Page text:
The Canola Council of Canada wants you to take a shotgun to your field — at least when it comes to clubroot. [AUDIO: ‘Are we taking clubroot seriously enough?’ – Justine Cornelsen and Dan Orchard] Council agronomists are urging farmers to avoid building a clubroot plan around a single silver bullet. Instead, agronomists Justine Cornelsen
It’s not enough to convince producers to give cover crops a shot — there needs to be a game plan. There are plenty of reasons why. Seed can be expensive, especially if there’s no livestock to help recoup that cost through their digestive systems. Many worry the fall seeding window is too narrow to give
The University of Manitoba is looking for numbers on local cover crop use, and it’s turning to producers to get them. Yvonne Lawley of the University of Manitoba is spearheading the Prairie Cover Crop Survey, which hopes to gauge how widely and in what form cover crops are taking root across the Prairies. The survey
When it comes to weed control, fall is often one of your best windows to find out how it’s going and what issues are on the horizon. Tammy Jones, Manitoba Agriculture weed specialist, says the fall season offers a planning window for next year and lets farmers evaluate what went right or wrong this season.
Farmers will need more than a cursory plan to reap the benefit of cover crops in the Keystone province. Cover crops have gained their champions in Manitoba. The practice is cited among other alternative grazing strategies like bale or swath grazing to extend the grazing season and, arguably, improve soil, according to livestock and forage
You can graze cattle on cover crops planted with help from Ag Action Manitoba — as long as they’re not your cattle, that is. Ag Action Manitoba is the province’s vehicle for funding under the Canadian Agricultural Partnership (CAP) program. Cover crops are among the beneficial management practices (BMPs) it promotes to improve the environment.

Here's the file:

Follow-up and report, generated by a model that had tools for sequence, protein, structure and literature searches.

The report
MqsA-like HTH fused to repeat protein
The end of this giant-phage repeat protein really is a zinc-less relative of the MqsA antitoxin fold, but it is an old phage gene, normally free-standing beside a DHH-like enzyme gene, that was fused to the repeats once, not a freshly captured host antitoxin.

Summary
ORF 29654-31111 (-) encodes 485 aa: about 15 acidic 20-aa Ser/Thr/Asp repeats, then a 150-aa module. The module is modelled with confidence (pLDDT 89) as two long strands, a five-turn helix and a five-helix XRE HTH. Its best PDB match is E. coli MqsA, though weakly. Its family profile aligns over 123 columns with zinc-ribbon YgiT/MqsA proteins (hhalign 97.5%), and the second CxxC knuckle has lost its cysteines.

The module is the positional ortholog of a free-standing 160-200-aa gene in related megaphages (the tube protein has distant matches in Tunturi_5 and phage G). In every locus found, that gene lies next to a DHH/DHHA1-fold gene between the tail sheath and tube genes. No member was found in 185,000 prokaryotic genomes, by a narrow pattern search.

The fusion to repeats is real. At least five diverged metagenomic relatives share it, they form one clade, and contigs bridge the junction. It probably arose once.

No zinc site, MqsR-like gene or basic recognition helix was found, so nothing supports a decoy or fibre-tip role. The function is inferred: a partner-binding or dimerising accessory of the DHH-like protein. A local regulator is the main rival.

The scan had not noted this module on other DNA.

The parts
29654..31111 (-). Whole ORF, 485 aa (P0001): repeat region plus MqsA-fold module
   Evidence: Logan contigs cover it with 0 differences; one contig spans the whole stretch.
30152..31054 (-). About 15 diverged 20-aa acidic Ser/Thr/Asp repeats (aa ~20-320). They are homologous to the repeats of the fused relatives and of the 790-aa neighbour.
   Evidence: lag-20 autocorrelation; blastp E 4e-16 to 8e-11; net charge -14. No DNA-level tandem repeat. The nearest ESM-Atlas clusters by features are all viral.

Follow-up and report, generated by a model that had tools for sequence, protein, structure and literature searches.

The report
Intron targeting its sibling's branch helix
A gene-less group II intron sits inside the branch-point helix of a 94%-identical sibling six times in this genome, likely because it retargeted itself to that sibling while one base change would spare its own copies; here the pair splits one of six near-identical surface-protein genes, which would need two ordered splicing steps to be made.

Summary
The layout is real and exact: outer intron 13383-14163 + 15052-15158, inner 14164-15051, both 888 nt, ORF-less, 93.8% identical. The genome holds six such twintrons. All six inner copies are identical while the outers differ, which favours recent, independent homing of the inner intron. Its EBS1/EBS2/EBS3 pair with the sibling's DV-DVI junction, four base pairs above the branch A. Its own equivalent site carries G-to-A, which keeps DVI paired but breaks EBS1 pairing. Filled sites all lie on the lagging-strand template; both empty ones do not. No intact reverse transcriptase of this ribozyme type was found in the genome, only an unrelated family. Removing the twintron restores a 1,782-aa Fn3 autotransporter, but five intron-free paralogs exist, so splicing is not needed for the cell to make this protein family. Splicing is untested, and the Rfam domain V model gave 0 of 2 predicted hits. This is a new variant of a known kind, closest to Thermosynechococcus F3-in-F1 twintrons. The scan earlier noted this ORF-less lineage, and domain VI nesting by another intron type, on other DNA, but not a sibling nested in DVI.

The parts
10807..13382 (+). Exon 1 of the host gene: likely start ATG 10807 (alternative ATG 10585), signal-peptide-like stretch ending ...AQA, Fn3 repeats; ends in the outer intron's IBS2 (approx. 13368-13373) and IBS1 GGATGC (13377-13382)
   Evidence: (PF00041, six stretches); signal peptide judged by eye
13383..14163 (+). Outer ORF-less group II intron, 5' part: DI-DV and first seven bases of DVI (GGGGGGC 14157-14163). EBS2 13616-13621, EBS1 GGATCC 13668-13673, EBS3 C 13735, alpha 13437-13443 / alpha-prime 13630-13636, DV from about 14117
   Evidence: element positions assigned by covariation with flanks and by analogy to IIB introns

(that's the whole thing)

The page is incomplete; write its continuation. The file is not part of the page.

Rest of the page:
Jocelyn Velestuk stood in front of the research station classroom filled with people and confessed to an addiction of sorts. “I am obsessed with soil,” the Saskatchewan farmer and agronomist told her audience. “I even had a mud-themed birthday party when I was young,” she said in a later interview. “The first soil science class
Corn has seen some moderate acreage gains recently as a crop for farmers in Manitoba, and for good reason. The yield per acre seeded has grown exponentially over the past 20 years. But that growth in acres hasn’t been exponential as well. It’s been more in the realm of the slow and steady. For example,
It looks like clubroot is moving just a bit differently in Manitoba and that could be good news for producers trying to slow or stop its spread. Bruce Gossen, a research scientist with Agriculture and Agri-Food Canada (AAFC), told the Manitoba agronomist conference earlier this winter there’s a clear pattern in the other Prairie provinces
Farming is problem solving in action. There’s always a new challenge and there isn’t always a ready solution. Why it matters: Farms always have challenges to face. These farmers say they looked for permanent solutions, some of which evolved over time. What’s interesting is how every farmer chooses to deal with those challenges. At the